On the second level they observed that the stairwell continued to the third level. They also found a golem nook like the one above, with a clockwork bridge golem standing ready for orders from the tower, and a tunnel leading to another long, arced walkway. They went through the tunnel. The walkway was much like the one on the floor above, except this one had periodic columns arching up to support the top level walkway above them. The level two walkway bowed around the support columns, revealing the entire structure to be center supported. This architectural approach was deemed to be questionable by the adventurers, and the merits of side-support versus central support were broached, but this conversational diversion did not change their situation. They proceeded to the bridge connecting to the first tower, which was now on their left.
The door was closed and locked, with the key mechanism following the two-palm-one-gem pattern, this time with a red gem. Rixin in his tower did his part, the party did theirs, and the door opened.
The room inside appeared to be nothing more than a square chamber with an 8” wide, 3’ high stand in the center, atop which sat a beautiful brass bottle. The druid was suspicious and took a close look at the floor, and determined that the floor itself was an illusion. Beneath the illusion the real floor was 10’ down and lined with dozens of huge, deadly spikes. Hoping the bottle weighed less than 5 lbs, the sorceress used her mage hand spell to magically draw the brass bottle to herself. She was successful, but as soon as the bottle left the platform, the spiked floor rushed upward past the level of the party and smashed into the ceiling above, seemingly trapping the bottle between the spikes and the ceiling. The elf had not lost her concentration, however, so she was able to continue moving the bottle with her spell. It took awhile, since she could no longer see it, but eventually she worked it free. They all took their turns examining the bottle. Though they detected potent magic associated with it, they could not determine the bottle’s function.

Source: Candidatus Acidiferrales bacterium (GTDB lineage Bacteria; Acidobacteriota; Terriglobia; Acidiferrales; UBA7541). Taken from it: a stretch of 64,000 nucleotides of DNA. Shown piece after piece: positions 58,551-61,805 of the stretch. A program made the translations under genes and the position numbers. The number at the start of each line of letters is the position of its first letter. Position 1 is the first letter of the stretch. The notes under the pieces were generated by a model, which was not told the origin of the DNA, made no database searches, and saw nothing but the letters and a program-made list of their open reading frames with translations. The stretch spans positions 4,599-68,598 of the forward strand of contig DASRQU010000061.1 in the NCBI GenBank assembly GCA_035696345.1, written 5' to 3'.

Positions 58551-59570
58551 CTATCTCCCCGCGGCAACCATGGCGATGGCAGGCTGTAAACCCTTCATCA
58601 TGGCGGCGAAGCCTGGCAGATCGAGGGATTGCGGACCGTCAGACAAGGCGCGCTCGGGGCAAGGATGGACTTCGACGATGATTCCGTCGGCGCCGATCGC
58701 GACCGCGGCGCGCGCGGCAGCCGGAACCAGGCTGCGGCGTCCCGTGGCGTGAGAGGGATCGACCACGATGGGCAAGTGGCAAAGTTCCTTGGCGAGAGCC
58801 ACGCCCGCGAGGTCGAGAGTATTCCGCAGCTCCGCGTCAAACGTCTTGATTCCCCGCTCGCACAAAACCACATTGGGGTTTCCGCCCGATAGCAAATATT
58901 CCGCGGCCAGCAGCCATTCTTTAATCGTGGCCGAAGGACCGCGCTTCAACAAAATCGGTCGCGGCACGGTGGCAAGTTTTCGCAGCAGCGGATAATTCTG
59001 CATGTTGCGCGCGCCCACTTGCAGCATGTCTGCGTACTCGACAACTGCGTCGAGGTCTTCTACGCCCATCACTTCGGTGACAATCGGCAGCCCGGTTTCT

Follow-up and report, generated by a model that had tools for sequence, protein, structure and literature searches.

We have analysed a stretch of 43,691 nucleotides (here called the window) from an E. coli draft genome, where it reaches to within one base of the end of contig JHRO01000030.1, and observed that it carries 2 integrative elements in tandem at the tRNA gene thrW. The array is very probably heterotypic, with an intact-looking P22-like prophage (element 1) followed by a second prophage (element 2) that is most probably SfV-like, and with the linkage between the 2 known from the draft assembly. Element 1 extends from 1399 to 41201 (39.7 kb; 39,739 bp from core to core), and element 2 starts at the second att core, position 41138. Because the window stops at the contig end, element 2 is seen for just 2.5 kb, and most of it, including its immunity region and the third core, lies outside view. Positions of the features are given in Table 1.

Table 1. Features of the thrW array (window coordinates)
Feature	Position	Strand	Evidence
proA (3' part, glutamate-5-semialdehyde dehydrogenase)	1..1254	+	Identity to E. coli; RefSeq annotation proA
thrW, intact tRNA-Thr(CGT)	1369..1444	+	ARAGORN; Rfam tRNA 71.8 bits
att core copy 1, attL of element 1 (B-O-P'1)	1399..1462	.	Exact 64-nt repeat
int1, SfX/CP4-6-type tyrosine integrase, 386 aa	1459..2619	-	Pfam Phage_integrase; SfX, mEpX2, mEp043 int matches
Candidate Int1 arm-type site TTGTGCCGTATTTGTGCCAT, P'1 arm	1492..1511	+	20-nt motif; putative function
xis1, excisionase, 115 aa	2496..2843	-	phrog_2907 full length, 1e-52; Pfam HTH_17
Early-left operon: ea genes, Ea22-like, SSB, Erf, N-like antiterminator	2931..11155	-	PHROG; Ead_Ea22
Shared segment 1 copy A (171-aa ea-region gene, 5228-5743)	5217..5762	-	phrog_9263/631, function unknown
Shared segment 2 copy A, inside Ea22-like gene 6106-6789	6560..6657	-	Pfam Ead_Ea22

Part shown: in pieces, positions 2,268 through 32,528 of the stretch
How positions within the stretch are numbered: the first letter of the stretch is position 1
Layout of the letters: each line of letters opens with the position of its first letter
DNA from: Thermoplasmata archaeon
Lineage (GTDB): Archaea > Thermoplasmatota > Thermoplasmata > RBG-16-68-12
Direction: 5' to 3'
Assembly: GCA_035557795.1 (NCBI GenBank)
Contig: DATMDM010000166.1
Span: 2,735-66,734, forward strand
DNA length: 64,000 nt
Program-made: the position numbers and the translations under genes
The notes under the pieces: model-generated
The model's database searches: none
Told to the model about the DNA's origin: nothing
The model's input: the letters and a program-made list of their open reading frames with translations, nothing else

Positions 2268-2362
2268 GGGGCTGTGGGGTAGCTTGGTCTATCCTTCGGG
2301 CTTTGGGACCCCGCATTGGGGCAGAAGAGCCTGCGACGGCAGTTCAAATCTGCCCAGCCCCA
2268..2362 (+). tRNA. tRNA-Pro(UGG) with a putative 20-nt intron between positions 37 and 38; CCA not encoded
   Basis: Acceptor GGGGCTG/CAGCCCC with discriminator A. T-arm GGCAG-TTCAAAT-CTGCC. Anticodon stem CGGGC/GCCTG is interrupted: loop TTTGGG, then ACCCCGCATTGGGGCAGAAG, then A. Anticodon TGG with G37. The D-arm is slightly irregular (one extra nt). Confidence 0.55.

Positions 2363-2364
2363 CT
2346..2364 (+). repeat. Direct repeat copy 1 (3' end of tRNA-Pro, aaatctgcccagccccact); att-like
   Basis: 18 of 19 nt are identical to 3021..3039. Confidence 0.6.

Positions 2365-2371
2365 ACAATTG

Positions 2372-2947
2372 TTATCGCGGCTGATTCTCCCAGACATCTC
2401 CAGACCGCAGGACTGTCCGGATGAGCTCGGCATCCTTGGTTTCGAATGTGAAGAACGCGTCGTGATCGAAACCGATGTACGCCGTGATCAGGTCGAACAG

Like in the other rooms, they found a secret chamber for managing the trap floor mechanics. The crank was way too heavy for them to turn, but since they had already gotten what they came for – whatever it was – they left the trap mechanism alone.
And so on they went to the next tower. Before they entered this one, they noted unusually high bat swarm activity going on, with three bats in close proximity. Alexandra was determined to get the facts from these critters, so she attempted to use her powers to dominate them, or at least overcome the dominion that someone – or some thing – seemed to have over them. The struggle was too much for the little bats, and they died, but not before one of them screeched, “It’s a trap!” And then, “He wants it!”
This door marked the third entrance that had been smashed to bits, so gaining access was a cinch, and once more they filed in. This room had an awful stench. It was another round chamber, and the characters found themselves standing on a ledge above a pit filled with a putrid stew of acid and filth. Unlike the other plundered rooms, this one still had its booty. In the center a circular dais rose from the stew, and a stand on top of the dais featured a most unusual device: a black cylinder made of an unknown substance, with a profusion of eight moderately rigid wires radiating in random directions from it, each ending in tiny cylinders. Meanwhile a glass sphere, filled with liquid in which floated a humanoid-sized brain, hung by a chain from the ceiling above the black gizmo.
The gods watched the scene anxiously, hoping one of the questers would attempt the 12’ leap to the dais, only to slam into an invisible wall set between the ledge and the platform. Alas, such hilarious entertainment would not ensue. Hackel decided he would throw a candle at the gizmo to see what happened. He was delayed slightly in executing this plan when he was unable to locate his candles (his magic tent had struck again!). Lacking candles, he elected instead to toss silver pieces, and in so doing he discovered the presence of the unseen barrier. And became four silver pieces poorer.